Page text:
It is not until Jesus is condemned to death that Judas finds some regret in his actions.  Matt. 27:3 reports “Then when Judas, his betrayer, saw that Jesus was condemned, he changed his mind and brought back the thirty pieces of silver to the chief priests and the elders.”  The ESV has a great translation here:  Judas “changed his mind.”  Too often the translators say “he repented.”  Not so—he had a “change of mind” but he did not have a “change of heart.”  (What’s the difference?  If Judas “changes his mind,” he tries to undo what he has done.  If Judas had repented and “changes his heart,” he would throw himself on God’s mercy and not pretend that he can undo his sin.)

We are told nothing else about this man.  This is all the information we have on Judas’ life leading up to the point where he decides to kill himself.


No one is sure when the Gospel of Nicodemus was written.  It is at least the 4th century and perhaps later.  Why this silly story was invented is puzzling—it doesn’t “further condemn” Judas.  It’s just quirky and absurd.  Here it is:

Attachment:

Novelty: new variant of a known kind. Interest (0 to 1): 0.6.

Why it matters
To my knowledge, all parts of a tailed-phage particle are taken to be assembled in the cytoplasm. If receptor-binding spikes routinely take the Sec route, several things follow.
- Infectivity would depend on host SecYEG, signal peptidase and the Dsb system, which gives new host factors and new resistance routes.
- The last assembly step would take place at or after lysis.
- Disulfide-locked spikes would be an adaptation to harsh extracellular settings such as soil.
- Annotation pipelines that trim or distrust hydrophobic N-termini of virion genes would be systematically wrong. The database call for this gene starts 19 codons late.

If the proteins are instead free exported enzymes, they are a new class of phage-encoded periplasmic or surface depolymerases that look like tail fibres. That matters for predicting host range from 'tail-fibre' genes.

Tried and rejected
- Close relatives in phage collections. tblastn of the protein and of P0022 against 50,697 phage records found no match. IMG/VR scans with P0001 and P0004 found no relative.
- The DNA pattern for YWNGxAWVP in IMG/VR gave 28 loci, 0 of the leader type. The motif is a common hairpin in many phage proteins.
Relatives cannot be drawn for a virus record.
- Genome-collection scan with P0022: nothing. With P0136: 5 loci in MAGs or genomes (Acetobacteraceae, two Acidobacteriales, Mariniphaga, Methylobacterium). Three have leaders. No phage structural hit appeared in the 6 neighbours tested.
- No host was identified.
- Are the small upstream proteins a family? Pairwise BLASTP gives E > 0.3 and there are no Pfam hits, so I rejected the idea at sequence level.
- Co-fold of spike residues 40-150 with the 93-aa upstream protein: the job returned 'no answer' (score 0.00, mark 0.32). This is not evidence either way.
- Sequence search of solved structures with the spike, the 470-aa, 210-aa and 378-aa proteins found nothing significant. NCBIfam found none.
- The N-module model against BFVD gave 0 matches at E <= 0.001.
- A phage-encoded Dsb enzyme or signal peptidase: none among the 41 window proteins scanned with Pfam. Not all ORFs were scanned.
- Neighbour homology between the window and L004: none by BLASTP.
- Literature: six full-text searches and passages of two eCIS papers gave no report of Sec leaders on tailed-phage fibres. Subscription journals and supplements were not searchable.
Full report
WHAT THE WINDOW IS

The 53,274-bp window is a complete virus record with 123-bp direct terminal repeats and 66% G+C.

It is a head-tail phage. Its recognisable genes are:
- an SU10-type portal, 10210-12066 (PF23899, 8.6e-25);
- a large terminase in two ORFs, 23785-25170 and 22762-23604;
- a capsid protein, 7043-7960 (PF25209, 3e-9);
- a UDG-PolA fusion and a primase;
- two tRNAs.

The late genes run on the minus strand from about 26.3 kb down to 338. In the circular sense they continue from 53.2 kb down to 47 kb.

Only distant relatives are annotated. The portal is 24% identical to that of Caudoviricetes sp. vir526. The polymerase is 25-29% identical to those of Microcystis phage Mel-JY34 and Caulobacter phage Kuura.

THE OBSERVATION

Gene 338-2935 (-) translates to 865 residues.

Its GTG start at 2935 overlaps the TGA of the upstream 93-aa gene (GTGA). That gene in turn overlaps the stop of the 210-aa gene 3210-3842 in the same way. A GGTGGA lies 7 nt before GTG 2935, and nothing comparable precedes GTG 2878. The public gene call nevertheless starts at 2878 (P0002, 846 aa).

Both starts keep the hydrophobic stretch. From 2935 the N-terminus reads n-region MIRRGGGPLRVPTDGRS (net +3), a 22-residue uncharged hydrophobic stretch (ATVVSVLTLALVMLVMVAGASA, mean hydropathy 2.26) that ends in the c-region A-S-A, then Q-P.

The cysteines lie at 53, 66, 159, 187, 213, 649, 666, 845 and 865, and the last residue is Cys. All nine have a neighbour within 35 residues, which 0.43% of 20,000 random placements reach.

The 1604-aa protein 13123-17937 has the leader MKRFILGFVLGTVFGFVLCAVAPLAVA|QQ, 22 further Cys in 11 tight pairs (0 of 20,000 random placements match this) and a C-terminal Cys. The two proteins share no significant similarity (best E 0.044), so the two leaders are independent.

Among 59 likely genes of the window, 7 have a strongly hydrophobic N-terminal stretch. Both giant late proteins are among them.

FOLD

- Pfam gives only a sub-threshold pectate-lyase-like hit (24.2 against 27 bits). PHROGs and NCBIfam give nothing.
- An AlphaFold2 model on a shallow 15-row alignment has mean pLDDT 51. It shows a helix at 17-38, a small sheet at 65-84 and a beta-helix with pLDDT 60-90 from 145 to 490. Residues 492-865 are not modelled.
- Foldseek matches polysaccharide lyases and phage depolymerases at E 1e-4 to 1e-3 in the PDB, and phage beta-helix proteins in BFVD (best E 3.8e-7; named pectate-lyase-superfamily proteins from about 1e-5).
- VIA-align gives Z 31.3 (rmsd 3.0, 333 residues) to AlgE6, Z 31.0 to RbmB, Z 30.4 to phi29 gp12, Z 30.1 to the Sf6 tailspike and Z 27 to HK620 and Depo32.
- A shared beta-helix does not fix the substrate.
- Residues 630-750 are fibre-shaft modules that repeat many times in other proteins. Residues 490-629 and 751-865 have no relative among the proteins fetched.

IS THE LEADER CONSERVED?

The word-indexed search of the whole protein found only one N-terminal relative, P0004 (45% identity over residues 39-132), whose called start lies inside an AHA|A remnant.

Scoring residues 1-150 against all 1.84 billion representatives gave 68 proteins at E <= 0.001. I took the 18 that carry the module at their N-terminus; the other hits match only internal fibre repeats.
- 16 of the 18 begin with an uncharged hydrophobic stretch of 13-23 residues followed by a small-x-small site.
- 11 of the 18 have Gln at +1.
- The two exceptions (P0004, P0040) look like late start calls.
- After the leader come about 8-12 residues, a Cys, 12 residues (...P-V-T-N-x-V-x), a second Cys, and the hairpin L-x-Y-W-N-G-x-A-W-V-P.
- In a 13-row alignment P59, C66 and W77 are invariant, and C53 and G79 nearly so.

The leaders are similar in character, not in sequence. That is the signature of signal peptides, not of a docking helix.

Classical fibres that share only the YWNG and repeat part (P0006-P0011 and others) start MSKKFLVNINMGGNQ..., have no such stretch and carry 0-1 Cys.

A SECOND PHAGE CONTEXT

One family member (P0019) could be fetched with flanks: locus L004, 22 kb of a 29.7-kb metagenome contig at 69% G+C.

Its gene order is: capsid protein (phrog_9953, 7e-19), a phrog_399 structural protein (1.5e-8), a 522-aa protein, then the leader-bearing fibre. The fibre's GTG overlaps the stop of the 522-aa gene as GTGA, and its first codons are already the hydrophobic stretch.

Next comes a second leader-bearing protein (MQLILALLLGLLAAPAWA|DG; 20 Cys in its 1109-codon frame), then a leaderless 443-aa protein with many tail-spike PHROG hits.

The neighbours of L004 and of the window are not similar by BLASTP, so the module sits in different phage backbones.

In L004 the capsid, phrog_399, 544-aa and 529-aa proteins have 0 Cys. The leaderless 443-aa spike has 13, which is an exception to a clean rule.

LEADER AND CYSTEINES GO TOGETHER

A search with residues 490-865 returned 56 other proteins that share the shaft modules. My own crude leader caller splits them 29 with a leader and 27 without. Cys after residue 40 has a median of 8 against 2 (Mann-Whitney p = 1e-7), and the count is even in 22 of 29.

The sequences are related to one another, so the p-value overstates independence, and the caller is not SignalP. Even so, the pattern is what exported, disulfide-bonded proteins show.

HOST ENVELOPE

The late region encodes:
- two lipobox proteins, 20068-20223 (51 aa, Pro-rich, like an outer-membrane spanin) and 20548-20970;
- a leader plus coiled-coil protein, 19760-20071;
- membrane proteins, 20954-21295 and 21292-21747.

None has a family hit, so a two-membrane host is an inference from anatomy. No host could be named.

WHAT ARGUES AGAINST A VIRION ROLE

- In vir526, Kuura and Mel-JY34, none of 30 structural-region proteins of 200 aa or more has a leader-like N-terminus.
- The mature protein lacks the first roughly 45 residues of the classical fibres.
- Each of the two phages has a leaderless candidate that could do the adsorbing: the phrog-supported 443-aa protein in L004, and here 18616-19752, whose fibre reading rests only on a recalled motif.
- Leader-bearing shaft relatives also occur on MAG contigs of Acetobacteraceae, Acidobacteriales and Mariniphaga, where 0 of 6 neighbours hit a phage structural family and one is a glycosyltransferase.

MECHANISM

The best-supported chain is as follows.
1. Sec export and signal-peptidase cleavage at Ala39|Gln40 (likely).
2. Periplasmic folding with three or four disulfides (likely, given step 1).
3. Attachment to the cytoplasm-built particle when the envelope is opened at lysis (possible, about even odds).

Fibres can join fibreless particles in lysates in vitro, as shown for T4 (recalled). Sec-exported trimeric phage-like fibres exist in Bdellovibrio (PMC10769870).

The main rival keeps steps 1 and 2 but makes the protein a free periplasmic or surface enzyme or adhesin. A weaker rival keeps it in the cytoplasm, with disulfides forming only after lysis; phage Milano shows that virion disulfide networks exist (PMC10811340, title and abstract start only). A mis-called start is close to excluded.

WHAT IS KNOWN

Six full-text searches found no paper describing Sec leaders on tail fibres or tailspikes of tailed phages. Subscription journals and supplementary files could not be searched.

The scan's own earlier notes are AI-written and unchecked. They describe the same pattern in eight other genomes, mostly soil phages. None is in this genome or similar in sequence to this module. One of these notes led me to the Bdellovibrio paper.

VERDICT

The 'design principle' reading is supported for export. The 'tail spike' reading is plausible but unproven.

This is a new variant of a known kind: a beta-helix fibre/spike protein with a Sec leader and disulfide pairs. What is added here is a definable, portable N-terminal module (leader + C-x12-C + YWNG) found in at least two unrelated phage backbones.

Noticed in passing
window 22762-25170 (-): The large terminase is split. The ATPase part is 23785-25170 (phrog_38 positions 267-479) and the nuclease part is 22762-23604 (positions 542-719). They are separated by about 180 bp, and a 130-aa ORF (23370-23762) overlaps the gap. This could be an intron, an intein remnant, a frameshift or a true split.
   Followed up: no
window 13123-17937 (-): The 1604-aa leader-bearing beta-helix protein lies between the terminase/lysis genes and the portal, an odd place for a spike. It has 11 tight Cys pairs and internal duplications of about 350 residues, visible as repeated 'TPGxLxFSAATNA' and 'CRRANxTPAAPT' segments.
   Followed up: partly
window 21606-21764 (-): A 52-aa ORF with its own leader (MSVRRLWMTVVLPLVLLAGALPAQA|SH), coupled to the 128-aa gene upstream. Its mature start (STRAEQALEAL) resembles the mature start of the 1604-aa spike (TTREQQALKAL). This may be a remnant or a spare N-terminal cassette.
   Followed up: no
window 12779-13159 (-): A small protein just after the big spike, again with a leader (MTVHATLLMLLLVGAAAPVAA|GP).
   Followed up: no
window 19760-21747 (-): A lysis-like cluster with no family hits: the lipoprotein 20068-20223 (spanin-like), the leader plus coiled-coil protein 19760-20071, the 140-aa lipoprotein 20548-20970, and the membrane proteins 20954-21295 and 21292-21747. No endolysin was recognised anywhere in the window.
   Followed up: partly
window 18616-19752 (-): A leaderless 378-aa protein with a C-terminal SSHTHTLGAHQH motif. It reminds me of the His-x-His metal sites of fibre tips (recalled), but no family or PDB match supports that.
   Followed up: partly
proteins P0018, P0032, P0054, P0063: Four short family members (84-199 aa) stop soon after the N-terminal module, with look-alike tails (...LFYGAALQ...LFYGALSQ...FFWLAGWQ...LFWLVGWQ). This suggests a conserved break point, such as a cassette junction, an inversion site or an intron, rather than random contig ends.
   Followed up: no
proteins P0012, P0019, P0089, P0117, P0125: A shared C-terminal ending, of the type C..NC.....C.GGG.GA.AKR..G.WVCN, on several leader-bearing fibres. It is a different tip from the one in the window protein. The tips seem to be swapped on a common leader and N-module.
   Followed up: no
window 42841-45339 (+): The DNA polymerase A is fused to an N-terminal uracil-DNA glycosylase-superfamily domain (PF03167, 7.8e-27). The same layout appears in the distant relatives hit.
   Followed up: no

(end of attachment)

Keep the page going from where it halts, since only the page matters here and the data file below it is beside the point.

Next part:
Judas is so completely depressed over what he has done that he comes home to tell his wife that he plans to commit suicide.  His wife is in the middle of roasting a chicken on an open pit.  Judas tells her that he is sure that Jesus will rise from the dead and come back to punish his betrayal.  Being the “supportive wife that she is,” she laughs at him and says that tonight’s chicken has a better chance of being resurrected than Jesus.  At that point the chicken, indeed, comes back to life and starts crowing.  Judas sees this, freaks out, and runs out of the house to hang himself.

Perhaps you can see why no one takes this version very seriously!